The Storm of War: A New History of the Second World War

Andrew Roberts. Harper, $29.99 (768p) ISBN 978-0-06-122859-9
This is history as it should be written. Award-winning historian Roberts, a master storyteller, combines a comprehensive command of sources, a sophisticated analytical dimension, and fingertip balance between great events and their personal dimensions. At the center of this "world-historical global cataclysm" was Adolf Hitler. Roberts presents the war as defined by Hitler's mistakes: "so heinous that he should have committed suicide out of sheer embarrassment...." Roberts (Masters and Commanders) says Hitler started the war before Germany was ready. He waged it with resources too limited for his grandiose objectives. He administered it through policies that made the Reich an enduring stench in the nostrils. Japan's war in the Pacific was no less ugly. Yet defeating the Axis required the strengths of three great powers. Roberts describes an Allied strategy shaped by the necessity of developing armed forces to match their foes. Britain kept the field in the war's darkest days. The U.S.S.R. drowned the Reich in "oceans of blood." America provided machines, money, and manpower—over 16 million in uniform. These synergized efforts were sufficient—barely sufficient, says Roberts. At every turn contingencies shaped outcomes that might have been very different absent the skill, will, and desperation demonstrated by the Grand Coalition. 4 pages of b&w photos; maps. (June)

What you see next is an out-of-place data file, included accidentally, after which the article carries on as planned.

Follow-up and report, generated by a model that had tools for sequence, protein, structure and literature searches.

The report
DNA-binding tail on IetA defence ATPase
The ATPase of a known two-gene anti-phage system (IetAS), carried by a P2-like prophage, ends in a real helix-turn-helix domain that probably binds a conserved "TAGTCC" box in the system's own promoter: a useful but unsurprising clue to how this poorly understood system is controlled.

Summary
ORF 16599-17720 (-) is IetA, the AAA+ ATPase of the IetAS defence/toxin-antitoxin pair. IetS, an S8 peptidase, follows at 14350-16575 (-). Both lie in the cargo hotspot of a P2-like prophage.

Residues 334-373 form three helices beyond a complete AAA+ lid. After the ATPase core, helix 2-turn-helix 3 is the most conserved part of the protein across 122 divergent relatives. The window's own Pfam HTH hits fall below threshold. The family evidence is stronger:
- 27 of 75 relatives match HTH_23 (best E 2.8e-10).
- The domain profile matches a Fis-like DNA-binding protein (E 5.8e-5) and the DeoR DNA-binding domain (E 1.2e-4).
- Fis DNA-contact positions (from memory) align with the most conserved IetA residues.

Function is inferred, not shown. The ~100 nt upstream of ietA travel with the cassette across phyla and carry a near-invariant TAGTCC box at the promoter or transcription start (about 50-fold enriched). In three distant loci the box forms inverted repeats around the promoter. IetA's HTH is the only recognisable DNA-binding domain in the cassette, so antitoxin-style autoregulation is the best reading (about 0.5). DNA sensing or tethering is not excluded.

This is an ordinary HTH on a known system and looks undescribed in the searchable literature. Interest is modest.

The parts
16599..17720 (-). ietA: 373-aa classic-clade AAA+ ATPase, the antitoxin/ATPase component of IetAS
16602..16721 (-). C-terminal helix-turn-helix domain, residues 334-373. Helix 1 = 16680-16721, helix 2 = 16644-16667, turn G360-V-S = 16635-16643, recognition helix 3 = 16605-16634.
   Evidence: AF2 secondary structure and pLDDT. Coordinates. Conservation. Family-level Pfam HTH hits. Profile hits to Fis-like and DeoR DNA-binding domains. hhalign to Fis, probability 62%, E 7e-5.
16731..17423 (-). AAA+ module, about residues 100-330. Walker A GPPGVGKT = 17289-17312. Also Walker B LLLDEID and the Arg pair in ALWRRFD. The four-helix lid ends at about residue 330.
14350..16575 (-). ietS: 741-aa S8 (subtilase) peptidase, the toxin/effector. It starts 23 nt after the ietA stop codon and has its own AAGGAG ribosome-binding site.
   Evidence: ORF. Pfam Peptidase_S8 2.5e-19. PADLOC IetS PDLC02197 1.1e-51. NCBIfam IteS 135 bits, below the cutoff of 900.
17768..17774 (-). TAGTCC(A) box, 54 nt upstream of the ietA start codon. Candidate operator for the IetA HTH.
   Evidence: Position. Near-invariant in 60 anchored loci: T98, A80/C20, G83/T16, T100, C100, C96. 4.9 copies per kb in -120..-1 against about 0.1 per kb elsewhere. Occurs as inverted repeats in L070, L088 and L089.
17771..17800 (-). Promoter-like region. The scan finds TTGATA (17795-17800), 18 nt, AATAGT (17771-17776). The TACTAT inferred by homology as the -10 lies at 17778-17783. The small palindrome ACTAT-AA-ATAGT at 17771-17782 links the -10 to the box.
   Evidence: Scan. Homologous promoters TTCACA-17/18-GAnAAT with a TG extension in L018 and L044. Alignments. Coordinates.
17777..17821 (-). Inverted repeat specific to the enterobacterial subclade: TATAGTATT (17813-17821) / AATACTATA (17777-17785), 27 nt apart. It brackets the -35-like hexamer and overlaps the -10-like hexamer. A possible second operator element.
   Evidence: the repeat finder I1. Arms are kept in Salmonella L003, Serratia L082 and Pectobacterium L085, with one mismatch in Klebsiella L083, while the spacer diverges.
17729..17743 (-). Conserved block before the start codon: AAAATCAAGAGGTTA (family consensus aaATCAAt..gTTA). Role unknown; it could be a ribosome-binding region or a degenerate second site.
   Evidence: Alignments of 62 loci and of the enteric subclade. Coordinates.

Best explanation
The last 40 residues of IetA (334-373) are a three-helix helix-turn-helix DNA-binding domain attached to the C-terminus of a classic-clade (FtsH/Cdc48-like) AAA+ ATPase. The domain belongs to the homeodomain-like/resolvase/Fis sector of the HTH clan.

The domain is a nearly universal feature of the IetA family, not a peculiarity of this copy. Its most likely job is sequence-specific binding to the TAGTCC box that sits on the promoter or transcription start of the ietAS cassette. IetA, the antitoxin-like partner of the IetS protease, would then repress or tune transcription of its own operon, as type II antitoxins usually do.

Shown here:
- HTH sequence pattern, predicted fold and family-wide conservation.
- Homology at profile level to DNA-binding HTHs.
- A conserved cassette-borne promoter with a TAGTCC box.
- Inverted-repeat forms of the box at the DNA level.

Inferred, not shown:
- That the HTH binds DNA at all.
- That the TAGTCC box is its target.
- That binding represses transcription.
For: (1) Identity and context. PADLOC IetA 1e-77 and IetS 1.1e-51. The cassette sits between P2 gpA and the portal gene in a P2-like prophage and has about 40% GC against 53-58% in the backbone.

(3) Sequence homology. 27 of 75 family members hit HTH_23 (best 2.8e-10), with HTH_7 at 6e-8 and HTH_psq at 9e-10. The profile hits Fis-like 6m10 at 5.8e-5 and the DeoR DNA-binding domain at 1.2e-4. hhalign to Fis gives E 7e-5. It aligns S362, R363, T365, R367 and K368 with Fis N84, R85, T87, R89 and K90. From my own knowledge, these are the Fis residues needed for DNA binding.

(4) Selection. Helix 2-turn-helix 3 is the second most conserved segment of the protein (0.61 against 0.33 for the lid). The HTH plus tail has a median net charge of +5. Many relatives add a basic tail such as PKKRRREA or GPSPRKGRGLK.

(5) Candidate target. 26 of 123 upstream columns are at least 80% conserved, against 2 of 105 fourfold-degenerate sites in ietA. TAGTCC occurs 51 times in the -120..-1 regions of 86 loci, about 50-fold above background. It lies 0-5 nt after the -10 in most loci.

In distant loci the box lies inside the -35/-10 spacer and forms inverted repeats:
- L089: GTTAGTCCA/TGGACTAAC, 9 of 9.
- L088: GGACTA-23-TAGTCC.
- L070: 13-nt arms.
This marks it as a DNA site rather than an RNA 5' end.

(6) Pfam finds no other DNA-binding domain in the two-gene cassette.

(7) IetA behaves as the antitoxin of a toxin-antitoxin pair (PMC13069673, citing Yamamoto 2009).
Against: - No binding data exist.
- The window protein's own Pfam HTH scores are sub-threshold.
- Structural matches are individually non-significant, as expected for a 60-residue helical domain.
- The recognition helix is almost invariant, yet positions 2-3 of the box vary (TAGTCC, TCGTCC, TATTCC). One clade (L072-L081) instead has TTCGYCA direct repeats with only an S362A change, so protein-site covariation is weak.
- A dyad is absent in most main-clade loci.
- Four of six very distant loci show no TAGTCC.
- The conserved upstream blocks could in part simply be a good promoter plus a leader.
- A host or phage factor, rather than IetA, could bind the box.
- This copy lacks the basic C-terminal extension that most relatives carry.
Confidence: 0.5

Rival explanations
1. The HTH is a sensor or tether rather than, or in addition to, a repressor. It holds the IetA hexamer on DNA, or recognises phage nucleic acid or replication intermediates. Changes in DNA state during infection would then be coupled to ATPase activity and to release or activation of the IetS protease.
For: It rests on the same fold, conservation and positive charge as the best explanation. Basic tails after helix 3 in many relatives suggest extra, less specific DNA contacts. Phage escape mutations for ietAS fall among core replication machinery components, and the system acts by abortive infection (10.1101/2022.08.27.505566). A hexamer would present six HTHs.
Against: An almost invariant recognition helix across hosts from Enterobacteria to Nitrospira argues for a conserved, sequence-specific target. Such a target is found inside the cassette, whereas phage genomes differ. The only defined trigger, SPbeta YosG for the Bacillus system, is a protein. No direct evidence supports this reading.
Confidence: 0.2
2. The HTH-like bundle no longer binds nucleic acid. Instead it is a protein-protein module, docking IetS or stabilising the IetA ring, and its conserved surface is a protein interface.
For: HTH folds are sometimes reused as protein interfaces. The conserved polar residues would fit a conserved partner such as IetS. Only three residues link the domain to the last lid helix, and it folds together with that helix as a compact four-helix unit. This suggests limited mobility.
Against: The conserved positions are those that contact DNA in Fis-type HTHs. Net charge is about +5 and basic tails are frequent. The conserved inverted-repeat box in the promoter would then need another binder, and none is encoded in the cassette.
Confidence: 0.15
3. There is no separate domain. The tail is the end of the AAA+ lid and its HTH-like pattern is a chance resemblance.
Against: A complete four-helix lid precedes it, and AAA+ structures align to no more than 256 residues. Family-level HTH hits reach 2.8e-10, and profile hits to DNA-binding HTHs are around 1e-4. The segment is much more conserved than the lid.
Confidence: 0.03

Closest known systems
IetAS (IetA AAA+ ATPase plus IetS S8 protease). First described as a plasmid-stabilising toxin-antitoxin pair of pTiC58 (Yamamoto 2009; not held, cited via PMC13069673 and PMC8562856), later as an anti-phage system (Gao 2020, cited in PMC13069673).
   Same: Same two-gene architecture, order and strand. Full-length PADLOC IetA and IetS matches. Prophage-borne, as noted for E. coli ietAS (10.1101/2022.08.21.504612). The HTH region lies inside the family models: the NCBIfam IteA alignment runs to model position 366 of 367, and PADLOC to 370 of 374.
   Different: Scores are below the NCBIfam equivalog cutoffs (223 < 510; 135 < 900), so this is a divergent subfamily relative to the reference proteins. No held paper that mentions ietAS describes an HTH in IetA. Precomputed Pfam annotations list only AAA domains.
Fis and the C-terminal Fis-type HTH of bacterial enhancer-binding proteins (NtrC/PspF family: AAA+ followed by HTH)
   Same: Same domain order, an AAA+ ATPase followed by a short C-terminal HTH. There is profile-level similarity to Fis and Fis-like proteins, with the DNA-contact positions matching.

Reviewed on: 03/21/2011
Release date: 05/01/2011
Genre: Nonfiction
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Paperback - 792 pages - 978-0-14-102928-3
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